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Boehner Says Economic Hostage-Takers Have Infiltrated the House GOP Caucus | The Nation

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John Nichols

John Nichols

Breaking news and analysis of politics, the economy and activism.

Boehner Says Economic Hostage-Takers Have Infiltrated the House GOP Caucus

House Speaker John Boehner has a new excuse for the dissent within the ranks of the House Republican Caucus he is supposed to lead.

The caucus, Boehner says, has been infiltrated by a cabal that hopes to take the US economy hostage in order to force political concessions from President Obama and Congressional Democrats.

Appearing Wednesday on conservative talk radio host Laura Ingraham’s,, Boehner acknowledged what every serious economic analyst has already said: that a failure to raise the debt ceiling before the August 2 deadline would be devastating to an already struggling US economy.

So “why,” Ingraham asked, were House Republicans resisting the deal that President Obama has offered—a deal that is ridiculously deferent to Republican demands for cuts to needed domestic programs and for tax breaks for corporations and the wealthy.

Well,” Boehner said of the most belligerent members of his caucus, “first they want more. And my goodness, I want more too. And secondly, a lot of them believe that if we get passed August the second and we have enough chaos, we could force the Senate and the White House to accept a balanced budget amendment.”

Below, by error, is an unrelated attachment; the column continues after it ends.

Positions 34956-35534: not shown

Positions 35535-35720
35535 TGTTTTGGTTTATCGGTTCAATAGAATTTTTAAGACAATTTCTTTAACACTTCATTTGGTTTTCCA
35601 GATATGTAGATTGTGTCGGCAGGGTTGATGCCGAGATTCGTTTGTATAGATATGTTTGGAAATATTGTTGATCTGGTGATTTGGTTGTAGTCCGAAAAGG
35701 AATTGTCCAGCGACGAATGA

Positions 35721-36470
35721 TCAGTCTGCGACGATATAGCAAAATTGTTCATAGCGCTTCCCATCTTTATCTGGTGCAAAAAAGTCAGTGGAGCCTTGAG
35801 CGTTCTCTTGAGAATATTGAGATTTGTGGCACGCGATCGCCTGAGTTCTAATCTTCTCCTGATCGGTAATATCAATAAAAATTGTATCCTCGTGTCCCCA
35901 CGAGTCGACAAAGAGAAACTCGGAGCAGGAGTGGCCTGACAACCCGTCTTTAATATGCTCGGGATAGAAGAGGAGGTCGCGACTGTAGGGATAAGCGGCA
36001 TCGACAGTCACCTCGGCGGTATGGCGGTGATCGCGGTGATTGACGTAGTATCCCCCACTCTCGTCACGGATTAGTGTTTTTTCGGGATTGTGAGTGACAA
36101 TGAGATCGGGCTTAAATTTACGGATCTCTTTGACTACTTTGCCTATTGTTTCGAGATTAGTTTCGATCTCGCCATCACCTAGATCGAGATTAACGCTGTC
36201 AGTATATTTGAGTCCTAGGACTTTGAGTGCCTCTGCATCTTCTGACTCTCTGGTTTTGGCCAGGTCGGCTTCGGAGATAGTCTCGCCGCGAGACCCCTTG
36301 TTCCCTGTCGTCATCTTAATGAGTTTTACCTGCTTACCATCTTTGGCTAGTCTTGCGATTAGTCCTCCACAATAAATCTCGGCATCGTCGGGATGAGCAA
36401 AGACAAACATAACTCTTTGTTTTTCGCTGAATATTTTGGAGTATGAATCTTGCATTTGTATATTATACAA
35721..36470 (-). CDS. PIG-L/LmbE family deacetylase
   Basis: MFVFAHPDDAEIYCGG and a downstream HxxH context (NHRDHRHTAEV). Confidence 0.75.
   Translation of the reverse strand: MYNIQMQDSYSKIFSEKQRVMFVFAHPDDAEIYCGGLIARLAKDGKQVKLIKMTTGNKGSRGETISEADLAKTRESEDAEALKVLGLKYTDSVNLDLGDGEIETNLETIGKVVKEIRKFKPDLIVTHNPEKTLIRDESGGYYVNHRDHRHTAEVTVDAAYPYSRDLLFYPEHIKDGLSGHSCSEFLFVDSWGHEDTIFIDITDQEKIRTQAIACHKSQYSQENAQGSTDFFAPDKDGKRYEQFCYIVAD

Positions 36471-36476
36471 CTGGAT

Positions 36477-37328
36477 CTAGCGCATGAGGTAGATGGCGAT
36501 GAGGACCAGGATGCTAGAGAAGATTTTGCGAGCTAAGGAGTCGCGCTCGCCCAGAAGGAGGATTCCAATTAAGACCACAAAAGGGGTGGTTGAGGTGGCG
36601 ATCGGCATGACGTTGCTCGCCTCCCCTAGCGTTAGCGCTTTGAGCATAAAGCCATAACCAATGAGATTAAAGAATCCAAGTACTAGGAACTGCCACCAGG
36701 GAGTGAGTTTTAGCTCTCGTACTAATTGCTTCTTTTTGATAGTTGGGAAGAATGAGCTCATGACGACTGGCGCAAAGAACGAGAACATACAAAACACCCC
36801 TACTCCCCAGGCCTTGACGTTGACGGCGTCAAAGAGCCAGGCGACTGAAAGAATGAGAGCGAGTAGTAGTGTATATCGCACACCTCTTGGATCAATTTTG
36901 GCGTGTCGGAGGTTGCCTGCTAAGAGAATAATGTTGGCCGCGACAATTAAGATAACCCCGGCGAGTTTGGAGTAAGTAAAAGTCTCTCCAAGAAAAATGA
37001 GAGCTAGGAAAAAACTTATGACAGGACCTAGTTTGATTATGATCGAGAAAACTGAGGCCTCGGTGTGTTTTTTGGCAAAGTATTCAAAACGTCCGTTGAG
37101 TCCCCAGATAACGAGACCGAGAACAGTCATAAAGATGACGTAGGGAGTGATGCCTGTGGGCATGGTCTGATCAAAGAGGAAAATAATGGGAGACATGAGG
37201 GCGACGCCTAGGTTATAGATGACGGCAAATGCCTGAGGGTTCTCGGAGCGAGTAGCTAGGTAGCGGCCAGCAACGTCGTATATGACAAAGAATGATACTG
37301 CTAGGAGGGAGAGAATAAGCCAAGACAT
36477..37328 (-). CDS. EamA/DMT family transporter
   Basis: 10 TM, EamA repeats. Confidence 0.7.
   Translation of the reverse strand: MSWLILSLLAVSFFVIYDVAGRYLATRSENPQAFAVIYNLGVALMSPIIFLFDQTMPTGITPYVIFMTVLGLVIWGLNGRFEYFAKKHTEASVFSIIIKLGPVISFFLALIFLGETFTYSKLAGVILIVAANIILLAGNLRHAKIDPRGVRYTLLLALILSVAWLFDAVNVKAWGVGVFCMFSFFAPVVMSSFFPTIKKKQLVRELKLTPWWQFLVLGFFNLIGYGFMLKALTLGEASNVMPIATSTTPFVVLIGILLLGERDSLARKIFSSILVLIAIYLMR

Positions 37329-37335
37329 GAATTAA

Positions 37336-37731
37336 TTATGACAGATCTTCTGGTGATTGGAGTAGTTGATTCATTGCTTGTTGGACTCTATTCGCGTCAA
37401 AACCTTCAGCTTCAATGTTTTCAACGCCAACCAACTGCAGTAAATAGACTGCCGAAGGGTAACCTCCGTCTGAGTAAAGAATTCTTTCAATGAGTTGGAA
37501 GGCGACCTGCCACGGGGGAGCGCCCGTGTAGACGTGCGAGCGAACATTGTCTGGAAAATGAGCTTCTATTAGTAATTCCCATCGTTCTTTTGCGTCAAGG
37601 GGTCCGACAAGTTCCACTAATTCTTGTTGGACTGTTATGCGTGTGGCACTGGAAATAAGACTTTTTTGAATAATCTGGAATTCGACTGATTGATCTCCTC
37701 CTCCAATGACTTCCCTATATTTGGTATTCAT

Let’s be clear about what Boehner is saying: he has members of his caucus—perhaps sufficient in number to block resolution of the debt ceiling fight—who would be willing to force the United States to default on its debts. Why? Because they want to create so much economic chaos that the president and Congressional Democrats will sign on for a bad policy that could not otherwise advance.

That’s blackmail. But Boehner’s not concerned about the fact that his lawless colleagues would threaten the good faith and credit of the United States—not to mention the economic stability of their homeland—in order to score political points.

The Speaker’s only concern is that a wrong move might make it harder for him to maneuver politically.

“I don’t think that that strategy works,” Boehner explained to the radio host. “Because I think the closer we get to August the second, frankly, the less leverage we have vis à vis our colleagues in the Senate and the White House.”

That is sort of reassuring.

Boehner is not a responsible player. But at least he is enough of a hack to fear that his colleagues who have lost touch with economic reality might—if allowed to have their way—create chaos not just for the economy but force a crisis that Ingraham suggested could “be disastrous for the Republican Party.”

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